The least detailed type of documentation is the test scenario. A test scenario is a description of an objective a user might face when using the program. An example might be “Test that the user can successfully log out by closing the program.” Typically, a test scenario will require testing in a few different ways to ensure the scenario has been satisfactorily covered. Just based on that light description, the tester might choose to close the program through the menu option, kill it through the task manager, turn the computer off, or see what happens when the program runs out of memory and crashes. Since test scenarios offer little information about how to complete the testing, they offer the maximum amount of flexibility to the tester responsible for them.
Like test cases, the flexibility that comes with using test scenarios creates similar benefits and drawbacks. Testing skill and domain knowledge make it easier for the tester to break test scenarios down into the relevant test ideas, select the approach that makes most sense, and perform tests that find important problems. This work is fun and challenging for a skilled tester, but it may be difficult or impossible for a novice unless they are able to collaborate with others to get the needed skill and perspective.
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So how do you choose?
So, which one is the best to use: test scripts, test cases, or scenarios? Luckily, testers don’t need to pick just one. Test scenarios, test cases, and test scripts can be used in tandem so that testers can tune test management to the varying skill levels and domain knowledge across a group.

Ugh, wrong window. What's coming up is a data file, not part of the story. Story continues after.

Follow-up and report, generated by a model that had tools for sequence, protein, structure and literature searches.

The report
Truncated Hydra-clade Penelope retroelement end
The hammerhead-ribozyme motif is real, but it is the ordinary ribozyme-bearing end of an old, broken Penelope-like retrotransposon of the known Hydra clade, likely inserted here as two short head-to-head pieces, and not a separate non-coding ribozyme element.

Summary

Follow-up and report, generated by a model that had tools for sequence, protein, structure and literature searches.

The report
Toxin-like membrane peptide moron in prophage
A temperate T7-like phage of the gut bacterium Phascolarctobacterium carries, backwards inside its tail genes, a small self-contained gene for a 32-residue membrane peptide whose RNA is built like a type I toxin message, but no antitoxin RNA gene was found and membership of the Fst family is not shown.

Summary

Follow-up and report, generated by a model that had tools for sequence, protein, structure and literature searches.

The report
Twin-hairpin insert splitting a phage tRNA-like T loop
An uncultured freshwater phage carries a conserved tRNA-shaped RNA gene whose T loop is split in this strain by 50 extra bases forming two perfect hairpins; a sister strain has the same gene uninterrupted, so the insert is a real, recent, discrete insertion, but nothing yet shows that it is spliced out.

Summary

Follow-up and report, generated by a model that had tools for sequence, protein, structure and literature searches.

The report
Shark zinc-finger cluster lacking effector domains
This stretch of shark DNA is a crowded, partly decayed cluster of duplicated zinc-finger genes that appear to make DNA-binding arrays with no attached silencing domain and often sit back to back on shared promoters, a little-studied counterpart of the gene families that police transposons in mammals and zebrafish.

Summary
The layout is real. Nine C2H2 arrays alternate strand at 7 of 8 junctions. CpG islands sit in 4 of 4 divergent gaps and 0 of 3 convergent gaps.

Have some tasks that need to be repeated regularly and a pair of hands available? Try using a test script. A robust software testing tool, like TestComplete, can use these test scripts to create accurate and repeatable automated tests across multiple devices, platforms, and environments easily and quickly. Thought of a number of ideas that need testing and have some skilled testers available to determine the best way to test them? Use test cases. Need to think broadly about the actions that will be taken by users as they traverse a new workflow? Create some test scenarios and unleash your best testers to flesh them out. All of these forms of documentation may provide value, given a clear understanding of their benefits and their limitations.
Get full visibility into your testing process
As you scale your testing efforts, you may find it increasingly difficult to track your growing list of test cases, as well as the defects that are identified through your testing efforts. You may also face challenges managing the tests you are running at different layers of your application — including API and UI-level tests. A test management tool, like QAComplete, provides the real-time insights into your testing state through built-in traceability across requirements, tests, and defects. A test management tool enables you to manage a complex testing process by getting full visibility into changes and their impact with versioning.